Are we bringing up a generation of children who are addicted to Calpol?
In May, BBC 1 aired a programme investigating why there has been an increase in the number of medications taken now compared to 40 years ago. In the first episode, Dr Chris van Tulleken investigated the use of Calpol to ‘treat’ children.
Dr Chris warned that many parents are overusing Calpol; it might be as a response to a “crying baby” or “misbehaving child”. In the documentary, parents admitted to keeping Calpol in every room “just in case” and using the medicine for teething, a slight temperature, colic, and even as part of their child’s bedtime routine as for the ‘calming’ effect it has on their child. Dr Chris revealed that children are taking as much as three times more of the medicine compared to 40 years ago.
Calpol contains the active ingredient paracetamol, a painkilling medicine used to relieve mild to moderate pain and fever – it is a medicine, and surely that in itself suggests that it should be taken in moderation. Leading paediatrician and professor of general paediatrics at University College London, Alastair Sutcliffe, says that parents are often using paracetamol “too permissively” to treat mild fevers. Sutcliffe claims that the result of this is an increased risk of developing asthma, as well as kidney, heart and liver damage.
Paediatrician and spokesperson for the RCPCH Helen Sammons explains that a higher temperature that comes with a mild fever is not a bad thing, but a sign of the body’s natural response to fighting infections like coughs and colds. According to the NHS, the normal temperature in babies and children is about 36.4°C (but this can vary slightly from child to child), while 38°C or more is considered a high temperature*.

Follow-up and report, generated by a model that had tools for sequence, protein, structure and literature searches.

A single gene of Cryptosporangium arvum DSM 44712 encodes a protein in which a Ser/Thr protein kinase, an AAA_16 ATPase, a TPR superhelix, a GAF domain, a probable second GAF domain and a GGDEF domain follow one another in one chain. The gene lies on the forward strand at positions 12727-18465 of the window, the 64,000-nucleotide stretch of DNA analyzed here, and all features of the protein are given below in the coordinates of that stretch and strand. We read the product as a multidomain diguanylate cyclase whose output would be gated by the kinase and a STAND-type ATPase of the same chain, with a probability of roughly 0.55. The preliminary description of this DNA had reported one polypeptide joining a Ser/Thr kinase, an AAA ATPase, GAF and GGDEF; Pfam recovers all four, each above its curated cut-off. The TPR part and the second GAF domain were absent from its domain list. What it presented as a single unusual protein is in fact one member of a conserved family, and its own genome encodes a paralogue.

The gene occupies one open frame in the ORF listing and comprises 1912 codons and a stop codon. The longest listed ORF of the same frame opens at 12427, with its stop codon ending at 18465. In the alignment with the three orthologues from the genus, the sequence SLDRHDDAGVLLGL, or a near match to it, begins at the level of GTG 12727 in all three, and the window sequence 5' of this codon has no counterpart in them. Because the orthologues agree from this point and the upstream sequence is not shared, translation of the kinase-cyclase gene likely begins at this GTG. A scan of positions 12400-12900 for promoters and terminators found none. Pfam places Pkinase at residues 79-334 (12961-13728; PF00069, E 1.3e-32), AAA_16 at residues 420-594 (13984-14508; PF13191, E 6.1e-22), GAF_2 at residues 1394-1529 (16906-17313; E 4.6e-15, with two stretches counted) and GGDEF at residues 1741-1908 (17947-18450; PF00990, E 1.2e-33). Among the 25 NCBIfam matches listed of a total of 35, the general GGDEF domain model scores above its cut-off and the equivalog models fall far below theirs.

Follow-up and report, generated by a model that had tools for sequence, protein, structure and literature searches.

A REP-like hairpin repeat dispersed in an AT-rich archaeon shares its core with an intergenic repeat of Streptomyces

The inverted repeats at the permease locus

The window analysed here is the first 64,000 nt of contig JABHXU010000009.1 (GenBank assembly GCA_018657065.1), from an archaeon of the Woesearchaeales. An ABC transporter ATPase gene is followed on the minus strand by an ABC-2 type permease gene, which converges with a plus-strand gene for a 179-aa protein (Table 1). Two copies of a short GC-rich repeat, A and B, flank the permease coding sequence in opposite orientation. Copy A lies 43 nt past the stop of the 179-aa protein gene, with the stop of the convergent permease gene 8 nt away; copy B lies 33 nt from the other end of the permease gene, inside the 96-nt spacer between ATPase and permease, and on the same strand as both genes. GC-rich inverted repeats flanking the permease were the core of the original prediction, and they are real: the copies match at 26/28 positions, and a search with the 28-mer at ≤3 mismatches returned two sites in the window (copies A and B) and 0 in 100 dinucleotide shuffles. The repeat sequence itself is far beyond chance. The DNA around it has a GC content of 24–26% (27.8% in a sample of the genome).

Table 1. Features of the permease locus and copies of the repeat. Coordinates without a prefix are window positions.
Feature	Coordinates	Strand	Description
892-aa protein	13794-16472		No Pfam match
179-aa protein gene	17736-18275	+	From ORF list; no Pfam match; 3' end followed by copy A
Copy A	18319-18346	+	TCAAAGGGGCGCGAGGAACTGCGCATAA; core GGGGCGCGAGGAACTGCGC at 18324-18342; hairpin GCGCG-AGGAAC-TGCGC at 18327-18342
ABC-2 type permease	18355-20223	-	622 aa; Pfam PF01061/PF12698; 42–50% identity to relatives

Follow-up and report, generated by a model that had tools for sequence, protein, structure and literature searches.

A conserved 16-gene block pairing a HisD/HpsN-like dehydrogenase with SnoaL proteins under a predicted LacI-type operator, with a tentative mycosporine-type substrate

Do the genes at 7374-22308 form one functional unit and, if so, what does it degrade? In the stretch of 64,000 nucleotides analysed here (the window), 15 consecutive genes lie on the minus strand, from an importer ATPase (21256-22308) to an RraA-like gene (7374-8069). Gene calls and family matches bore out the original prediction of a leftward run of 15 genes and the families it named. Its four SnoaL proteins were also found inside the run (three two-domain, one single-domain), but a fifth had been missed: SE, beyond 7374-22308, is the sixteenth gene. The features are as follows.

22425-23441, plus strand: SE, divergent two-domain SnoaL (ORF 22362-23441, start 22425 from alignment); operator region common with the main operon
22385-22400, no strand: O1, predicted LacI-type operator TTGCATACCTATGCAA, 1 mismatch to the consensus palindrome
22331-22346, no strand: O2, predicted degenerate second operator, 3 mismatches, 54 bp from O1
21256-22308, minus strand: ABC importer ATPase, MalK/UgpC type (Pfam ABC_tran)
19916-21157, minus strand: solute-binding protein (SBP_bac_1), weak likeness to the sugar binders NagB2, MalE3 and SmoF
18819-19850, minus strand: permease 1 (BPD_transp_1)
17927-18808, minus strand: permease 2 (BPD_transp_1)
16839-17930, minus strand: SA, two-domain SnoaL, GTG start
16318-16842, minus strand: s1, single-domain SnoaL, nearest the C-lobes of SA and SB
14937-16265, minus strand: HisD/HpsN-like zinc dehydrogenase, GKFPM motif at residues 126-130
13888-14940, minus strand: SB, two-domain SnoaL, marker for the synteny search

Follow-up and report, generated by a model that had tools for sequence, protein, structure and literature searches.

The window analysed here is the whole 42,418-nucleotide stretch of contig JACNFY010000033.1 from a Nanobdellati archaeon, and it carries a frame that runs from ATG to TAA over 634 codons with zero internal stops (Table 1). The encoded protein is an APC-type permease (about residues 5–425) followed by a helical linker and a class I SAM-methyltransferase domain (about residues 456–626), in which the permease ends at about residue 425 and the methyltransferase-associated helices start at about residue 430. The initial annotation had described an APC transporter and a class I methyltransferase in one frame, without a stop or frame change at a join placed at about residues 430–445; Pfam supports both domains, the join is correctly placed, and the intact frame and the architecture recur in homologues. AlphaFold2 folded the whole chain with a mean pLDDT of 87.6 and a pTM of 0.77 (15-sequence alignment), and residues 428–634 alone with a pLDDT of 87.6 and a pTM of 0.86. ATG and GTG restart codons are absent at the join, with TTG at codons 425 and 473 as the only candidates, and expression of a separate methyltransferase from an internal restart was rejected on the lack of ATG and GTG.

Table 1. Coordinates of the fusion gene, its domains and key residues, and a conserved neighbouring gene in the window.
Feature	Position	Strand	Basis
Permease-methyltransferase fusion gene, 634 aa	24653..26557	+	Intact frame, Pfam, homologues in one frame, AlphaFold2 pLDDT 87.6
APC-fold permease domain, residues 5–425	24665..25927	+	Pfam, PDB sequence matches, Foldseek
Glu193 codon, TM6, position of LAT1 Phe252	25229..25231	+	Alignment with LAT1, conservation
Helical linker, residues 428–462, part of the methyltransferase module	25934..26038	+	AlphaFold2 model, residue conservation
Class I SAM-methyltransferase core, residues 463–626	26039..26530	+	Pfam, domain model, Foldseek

So how do we know when to give children Calpol? Experts recommend focusing on the comfort of your child; painkillers are only necessary when the child is “uncomfortable or distressed”.
Additionally, they advise keeping children hydrated and being aware of the signs of serious illness (you can find guidance on the NHS website). If you are concerned, you can call the NHS helpline 111, or contact your GP.
*How to check your child’s temperature
To check your child’s temperature, the NHS recommends using a digital thermometer. Ear thermometers may not be accurate if used wrong, and strip-type thermometers (that go on the forehead) are not considered accurate.
For children under five (including babies), take the reading from under their armpit, while gently holding their arm by their side. For older children, take the reading from the mouth, following the instructions on the thermometer.
Be aware that there are a few things that can affect the reading, such as being wrapped up/wearing a lot of layers; if so, let your child cool down for a few minutes before taking their temperature (without allowing them to get cold).Tags: calpol, children, health, kids, medicine
This post was written by Claire Gillies